A Guide to Budgeting for Members of the Military

Today we have the pleasure of hosting a guest writer who is an expert on all things budgeting. This post is written my Myranda Griebel, author of the blog “Survive Today.” Visit her website survive-today.com to read more on budgeting and personal finance. Take a look at her valuable insight into budgeting below!

Whether you’re enlisted, an officer, just out of basic, or have 15 years of service under your belt, having a budget is essential for your financial wellbeing. Failing to budget makes it difficult to achieve your financial goals, pay for unexpected expenses, make large purchases, and stay out of (or get out of) debt. Not to mention the stress that comes with not knowing where your money is going or why your paycheck only seems to just barely make it to the next payday. Having a budget doesn’t necessarily mean that you are going to be spending the absolute minimum amount of money possible each month (although it could if that’s what you prefer). To quote Dave Ramsey, “A budget is telling your money where to go instead of wondering where it went.” 

Budgeting for the Essentials 

There are only four things in life that are necessary for survival: housing, food, transportation, and clothing. These four things should take top priority in your budget because they are the things you can’t live without. If you are receiving BAH and BAS, then your housing and food is covered for the most part. Food means groceries in this case, not dining out. Transportation expenses should include a car payment (if you have one), fuel, auto insurance, and maintenance. Clothing probably will not be a regular expense unless you have young children. Necessary clothes, such as replacing worn out tennis shoes, should be of top priority when budgeting for clothing while fun clothing, such as a $200 brand-name jacket, should not. 

Budgeting for Tomorrow

Do you plan on staying in for the full 20 so that you can draw pension? If so, then that’s great! If not, then that’s fine as well. Either way, investing in your retirement should be one of your priorities. Yes, even if you are planning to draw pension, you should still invest additional money to pay for your retirement. Why? Because what if you change your mind and end up not serving the full 20 years after all? Or, what if you do end up serving the full 20 but the pension you receive isn’t enough to cover the lifestyle you want to live in retirement? If you don’t have any debt, you should set aside about 15% of your pre-tax income (not including BAH, BAS, etc.). If you are contributing to your TSP and receiving the full match, then you’ve already got 10% right there. You can invest the additional 5% in other accounts such as a Roth IRA.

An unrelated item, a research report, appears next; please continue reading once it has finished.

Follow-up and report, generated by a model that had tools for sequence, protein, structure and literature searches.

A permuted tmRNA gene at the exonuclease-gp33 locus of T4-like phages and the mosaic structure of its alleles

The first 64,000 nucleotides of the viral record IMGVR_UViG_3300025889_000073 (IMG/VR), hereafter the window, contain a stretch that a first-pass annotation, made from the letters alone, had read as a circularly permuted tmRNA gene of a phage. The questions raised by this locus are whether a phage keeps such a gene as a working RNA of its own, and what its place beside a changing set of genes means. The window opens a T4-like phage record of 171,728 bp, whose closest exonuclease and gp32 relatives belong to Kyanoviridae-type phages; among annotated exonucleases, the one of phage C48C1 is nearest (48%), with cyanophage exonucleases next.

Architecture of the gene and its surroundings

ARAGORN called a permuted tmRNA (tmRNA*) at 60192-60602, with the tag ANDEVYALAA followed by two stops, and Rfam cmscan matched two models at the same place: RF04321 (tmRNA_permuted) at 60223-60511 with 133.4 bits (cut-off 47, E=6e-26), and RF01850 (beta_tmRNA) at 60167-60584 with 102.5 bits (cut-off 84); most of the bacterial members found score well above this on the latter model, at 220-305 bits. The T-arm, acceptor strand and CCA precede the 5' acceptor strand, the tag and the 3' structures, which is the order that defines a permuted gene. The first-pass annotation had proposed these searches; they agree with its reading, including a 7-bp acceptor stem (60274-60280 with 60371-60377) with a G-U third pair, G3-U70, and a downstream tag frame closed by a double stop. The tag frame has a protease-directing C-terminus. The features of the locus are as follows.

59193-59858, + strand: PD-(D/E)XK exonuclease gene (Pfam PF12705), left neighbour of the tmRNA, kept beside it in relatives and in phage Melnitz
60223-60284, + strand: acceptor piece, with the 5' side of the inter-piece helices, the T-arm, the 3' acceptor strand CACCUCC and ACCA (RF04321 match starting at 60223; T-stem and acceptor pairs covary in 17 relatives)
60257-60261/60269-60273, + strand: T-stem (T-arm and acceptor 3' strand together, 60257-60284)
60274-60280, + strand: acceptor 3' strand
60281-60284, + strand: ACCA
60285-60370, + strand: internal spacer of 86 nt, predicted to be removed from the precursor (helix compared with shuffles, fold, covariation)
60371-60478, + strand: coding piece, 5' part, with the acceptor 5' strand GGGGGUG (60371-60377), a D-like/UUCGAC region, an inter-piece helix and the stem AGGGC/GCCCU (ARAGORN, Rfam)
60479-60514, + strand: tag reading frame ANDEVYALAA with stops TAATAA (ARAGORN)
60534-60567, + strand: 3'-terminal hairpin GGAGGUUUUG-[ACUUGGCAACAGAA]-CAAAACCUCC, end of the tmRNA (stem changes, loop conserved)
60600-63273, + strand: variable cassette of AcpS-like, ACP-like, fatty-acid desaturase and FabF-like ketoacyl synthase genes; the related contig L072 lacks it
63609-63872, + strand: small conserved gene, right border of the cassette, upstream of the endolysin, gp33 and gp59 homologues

Another priority should be setting aside a chunk of money to pay for unexpected expenses when they come up. A good rule of thumb is to have three to six months-worth of expenses set aside for emergencies. This means that you would have enough money to cover three to six months of the essential expenses listed above. Also, if you do not have debt then you should be saving money for large purchases that you hope or plan to make in the future such as new cars or homes. Ideally, when it comes time to buy a new car, you should be able to pay cash to avoid paying the interest on a depreciating asset. With a house, it would be best to have 20% down to avoid paying any PMI.

Side note — Don’t forget about the VA loan if you are trying to avoid paying PMI!

Boats and other nonessentials should be the lowest priority when it comes to budgeting

Budgeting for Fun

The lowest priority on your budget should be your fun money. Once all the other expenses are budgeted to meet your goals, then whatever is left over can be spent on the fun stuff. Things like vacation and travel, entertainment and dining out, random miscellaneous purchases, and large non-essential purchases (like a boat or a camper) fall into this category. You could either choose to spend all of your fun money each month or you could save up for larger expenses such as vacations or boats. Again, it is ideal to pay cash on these items so that you’re not paying interest on either a depreciating asset (the boat) or something intangible (the vacation). $

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